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A skill that ignites the imagination

Updated: 2023-08-29 09:49 ( China Daily Global )
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Shang (c. 16th century-11th century BC) and Zhou (c.11th century-256 BC) dynasties and proto-porcelain

The period saw the birth of "proto-porcelain", a product in the transition from pottery to "mature" ones, known to people today as porcelain.

Proto-porcelain assumed a grayish-green in color. The National Museum of China has a green-glazed jar with net patterns, dated to the Western Zhou Dynasty (c.11th century-771 BC). Studies of this object have revealed two major evolutions of the proto-porcelain at the time: an increasing production of daily-used vessels; more objects molded in the shapes of ritual bronzeware.


Late Eastern Han Dynasty (25-220)and mature porcelain

Regions along the Cao'e River in Shangyu, in today's Zhejiang province, became a center for making green-glazed proto-porcelain during the third century BC.The production scaled up, and the wares used for rituals were transported elsewhere, even deeper in the country, to help spread the practice.

Finally, in the late Eastern Han Dynasty, the "mature" porcelain, exhibiting a celadon glaze, were successfully produced at major kilns in Shangyu, such as the Xiaoxiantan kiln, of which the relic location was discovered in 1974 and is now deemed a heritage site.


Tang Dynasty (613-907) and ceramics export trade

Tang Dynasty is synonymous with prosperity, openness and diversity, and one vivid example of its power and extensive influence is the rise of several major ports, including Guangzhou (Guangdong province). Yangzhou (Jiangsu province) and Mingzhou (today's Ningbo of Zhejiang province).These benefited from the booming international trade on the Maritime Silk Road. Quality ceramics from various kilns across the country were a popular export. Fine examples of representative export types can be found in the collection of National Museum of China, such as the world-renowned sancai (three-color) jars and vases. Celadons from the Yue kiln sites across Zhejiang were also well-received.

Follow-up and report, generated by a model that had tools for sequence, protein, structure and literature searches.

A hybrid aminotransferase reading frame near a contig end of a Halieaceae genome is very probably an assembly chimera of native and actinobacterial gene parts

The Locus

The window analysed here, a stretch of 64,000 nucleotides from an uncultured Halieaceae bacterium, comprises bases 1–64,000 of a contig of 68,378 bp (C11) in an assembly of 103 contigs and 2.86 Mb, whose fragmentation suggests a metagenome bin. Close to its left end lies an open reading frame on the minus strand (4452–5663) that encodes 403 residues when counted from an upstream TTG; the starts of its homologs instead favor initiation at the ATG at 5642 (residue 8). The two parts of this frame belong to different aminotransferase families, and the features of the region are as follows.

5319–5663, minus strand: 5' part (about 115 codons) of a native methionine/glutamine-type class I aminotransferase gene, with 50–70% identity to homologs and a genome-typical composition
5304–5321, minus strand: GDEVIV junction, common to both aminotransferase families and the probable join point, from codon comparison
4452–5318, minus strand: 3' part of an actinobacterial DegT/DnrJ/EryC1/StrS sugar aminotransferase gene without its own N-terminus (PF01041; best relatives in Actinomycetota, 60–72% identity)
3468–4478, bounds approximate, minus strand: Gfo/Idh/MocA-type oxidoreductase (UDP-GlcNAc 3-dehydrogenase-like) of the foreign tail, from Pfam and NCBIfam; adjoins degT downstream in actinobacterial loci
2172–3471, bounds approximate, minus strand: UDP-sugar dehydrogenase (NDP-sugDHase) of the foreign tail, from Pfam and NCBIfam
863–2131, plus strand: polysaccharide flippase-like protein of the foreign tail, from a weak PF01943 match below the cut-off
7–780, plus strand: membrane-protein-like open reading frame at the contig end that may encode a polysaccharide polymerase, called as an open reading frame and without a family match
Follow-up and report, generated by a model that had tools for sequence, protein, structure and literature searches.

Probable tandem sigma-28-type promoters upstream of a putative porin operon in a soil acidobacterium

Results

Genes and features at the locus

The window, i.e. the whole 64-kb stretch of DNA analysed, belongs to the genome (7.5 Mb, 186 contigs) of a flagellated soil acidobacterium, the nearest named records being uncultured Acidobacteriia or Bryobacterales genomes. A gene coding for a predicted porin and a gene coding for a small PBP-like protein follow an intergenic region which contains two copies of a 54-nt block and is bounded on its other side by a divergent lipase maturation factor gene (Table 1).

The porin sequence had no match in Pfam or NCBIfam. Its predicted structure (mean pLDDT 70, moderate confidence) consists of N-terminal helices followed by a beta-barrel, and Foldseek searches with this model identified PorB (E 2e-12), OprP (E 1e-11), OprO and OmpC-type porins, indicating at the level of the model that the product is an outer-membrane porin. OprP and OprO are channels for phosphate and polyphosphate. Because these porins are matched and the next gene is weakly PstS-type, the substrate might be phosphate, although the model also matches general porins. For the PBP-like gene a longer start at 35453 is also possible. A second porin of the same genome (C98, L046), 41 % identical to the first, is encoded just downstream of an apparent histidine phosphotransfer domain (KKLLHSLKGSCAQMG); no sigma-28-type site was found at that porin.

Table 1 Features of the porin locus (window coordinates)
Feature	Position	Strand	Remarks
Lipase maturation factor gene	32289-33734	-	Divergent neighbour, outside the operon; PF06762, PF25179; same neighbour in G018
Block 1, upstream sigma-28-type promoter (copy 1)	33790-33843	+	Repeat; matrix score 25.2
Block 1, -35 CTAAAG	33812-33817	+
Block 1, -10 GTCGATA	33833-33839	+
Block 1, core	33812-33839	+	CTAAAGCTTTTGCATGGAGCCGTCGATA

Song Dynasty (960-1279) and the "five kilns"

The eruption of art products is a Song Dynasty hallmark. A lifestyle nurtured by painting, calligraphy, porcelain and other works of intricate crafts was prompted by emperors, aristocrats and intellectuals to demonstrate extraordinary status and tastes.

Among these objects of culture were wares from the prominent "five kilns" — Ru, Guan, Ge, Ding and Jun.

Wares of the five great kilns are monochromatic basically, sometimes with slightly impressed patterns, which transmit serenity, grace and subtlety. Ru ware is often highly regarded as the foremost of the five as its distinctive tianqing colored glaze presents a unique classic temperament.


Yuan Dynasty (1271-1368) and the cobalt-blue qinghua ware

The Yuan qinghua porcelain features varieties of patterns painted in cobalt-blue pigment on a white ground. The popularity of qinghua ware diversified the trend of ceramics at the time — before that, monochromatic porcelain had been dominant.

Yuan qinghua objects were predominantly fired at kilns in Jingdezhen, the production hub in Jiangxi province. The sizes of these objects were bigger than those of previous times, and their shapes mainly included the jar, the plum vase and the elevated-foot cup, showing an infusion of the aesthetic favors and lifestyles of the nomadic tribes, as the Mongols seized power and established a monarchy.


Ming (1368-1644) and Qing (1644-1911) dynasties and multicolored porcelain

The multicolored porcelain production flourished in the Ming and Qing dynasties. The milky, semitranslucent surface became a stage on which a diversity of beautiful colors and motifs were presented to exhibit combinations beyond imagination.

One highly prized kind of polychromatic porcelain is the doucai ware of which the technique achieved perfection in the years of Chenghua, the reign title of Ming emperor Zhu Jianshen.

Artisans used cobalt-blue pigment to create delimitations of the patterns — flowers, birds and human figures — applied a thin layer of glossy glaze, and then fired the object for the first time. They would then fill in the colors and fire the ware again.

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